Rule of Law Challenges
East and South-East Asia is well known as a global source, transit and destination region for human trafficking. It is the world's second largest source of heroin, and has become a key centre for the manufacture and trade of amphetamine type stimulants (ATS). The region has also been subjected to illicit natural resource extraction, including the unlawful acquisition and export of endangered species and timber.
All of these crime trends need to be placed in the context of the developmental and political challenges which the region faces. Localised instability, inadequate national legal frameworks, corruption, an uneven institutional capacity to govern effectively and limited cooperation among countries of the region are all key factors in addressing the challenges facing the region.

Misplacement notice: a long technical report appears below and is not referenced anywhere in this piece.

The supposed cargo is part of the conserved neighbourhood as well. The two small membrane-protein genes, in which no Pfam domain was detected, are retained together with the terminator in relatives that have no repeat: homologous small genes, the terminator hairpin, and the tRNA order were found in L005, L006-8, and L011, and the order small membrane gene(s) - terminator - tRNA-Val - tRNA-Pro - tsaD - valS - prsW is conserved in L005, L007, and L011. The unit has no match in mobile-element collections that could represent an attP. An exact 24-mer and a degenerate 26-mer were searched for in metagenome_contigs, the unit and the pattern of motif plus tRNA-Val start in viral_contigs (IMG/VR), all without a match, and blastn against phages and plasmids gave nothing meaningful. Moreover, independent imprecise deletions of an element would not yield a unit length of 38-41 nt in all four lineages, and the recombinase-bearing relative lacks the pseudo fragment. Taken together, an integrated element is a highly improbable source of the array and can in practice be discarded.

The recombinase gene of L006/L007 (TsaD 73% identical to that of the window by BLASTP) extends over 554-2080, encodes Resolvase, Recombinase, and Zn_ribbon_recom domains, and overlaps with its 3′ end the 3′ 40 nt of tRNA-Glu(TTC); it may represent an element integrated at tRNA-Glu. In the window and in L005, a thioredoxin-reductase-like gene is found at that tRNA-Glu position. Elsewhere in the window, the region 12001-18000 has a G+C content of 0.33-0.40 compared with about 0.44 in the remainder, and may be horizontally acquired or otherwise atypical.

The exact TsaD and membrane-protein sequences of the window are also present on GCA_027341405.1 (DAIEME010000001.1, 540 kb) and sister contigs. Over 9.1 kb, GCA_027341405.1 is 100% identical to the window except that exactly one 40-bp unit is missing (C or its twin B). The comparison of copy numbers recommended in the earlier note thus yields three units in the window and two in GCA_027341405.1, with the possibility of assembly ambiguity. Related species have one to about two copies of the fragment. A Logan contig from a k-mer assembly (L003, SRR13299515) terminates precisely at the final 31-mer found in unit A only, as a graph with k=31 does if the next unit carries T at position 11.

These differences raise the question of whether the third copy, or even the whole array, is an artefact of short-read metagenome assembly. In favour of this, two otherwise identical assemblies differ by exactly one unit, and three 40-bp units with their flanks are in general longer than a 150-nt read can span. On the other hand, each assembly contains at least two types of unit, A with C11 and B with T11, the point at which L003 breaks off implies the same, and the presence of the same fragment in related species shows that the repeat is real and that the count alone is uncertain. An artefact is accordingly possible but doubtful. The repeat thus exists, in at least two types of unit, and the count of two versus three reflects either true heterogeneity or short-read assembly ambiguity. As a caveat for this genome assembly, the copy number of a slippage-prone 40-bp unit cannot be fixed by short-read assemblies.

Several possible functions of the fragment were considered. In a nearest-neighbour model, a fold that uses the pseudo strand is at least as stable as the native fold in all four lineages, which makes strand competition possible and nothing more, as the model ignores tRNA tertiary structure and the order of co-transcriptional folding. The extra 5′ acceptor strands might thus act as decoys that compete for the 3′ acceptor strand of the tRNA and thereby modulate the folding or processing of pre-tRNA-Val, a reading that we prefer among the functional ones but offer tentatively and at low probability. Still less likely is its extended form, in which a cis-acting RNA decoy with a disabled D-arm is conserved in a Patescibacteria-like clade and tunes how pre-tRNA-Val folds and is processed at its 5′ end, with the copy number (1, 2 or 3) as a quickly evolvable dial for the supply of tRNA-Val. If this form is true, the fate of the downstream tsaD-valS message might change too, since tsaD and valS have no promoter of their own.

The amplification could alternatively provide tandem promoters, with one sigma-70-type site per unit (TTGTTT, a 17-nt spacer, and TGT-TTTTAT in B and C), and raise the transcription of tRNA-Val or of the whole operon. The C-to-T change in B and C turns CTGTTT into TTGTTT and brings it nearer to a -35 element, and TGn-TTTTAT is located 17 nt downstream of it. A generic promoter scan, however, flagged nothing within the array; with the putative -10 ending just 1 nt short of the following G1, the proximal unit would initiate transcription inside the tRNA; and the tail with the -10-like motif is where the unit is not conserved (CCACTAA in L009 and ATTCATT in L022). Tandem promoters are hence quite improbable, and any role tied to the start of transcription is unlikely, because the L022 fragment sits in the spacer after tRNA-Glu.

The rule of law problems which UNODC's regional programme seeks to address can be grouped into three main pillars.
1: ILLICIT TRAFFICKING - Responses to illicit trafficking are impeded by weak capacity of law enforcement agencies and patchy cooperation among member states.
2: GOVERNANCE - Insufficient institutional and procedural safeguards against corruption and lack of cooperation in recovery of stolen public assets.
3: CRIMINAL JUSTICE - Lack of adequately strong, independent and fair justice systems at the national level as well as inadequate mechansisms to support effective cooperation in addressing transnational organized justice.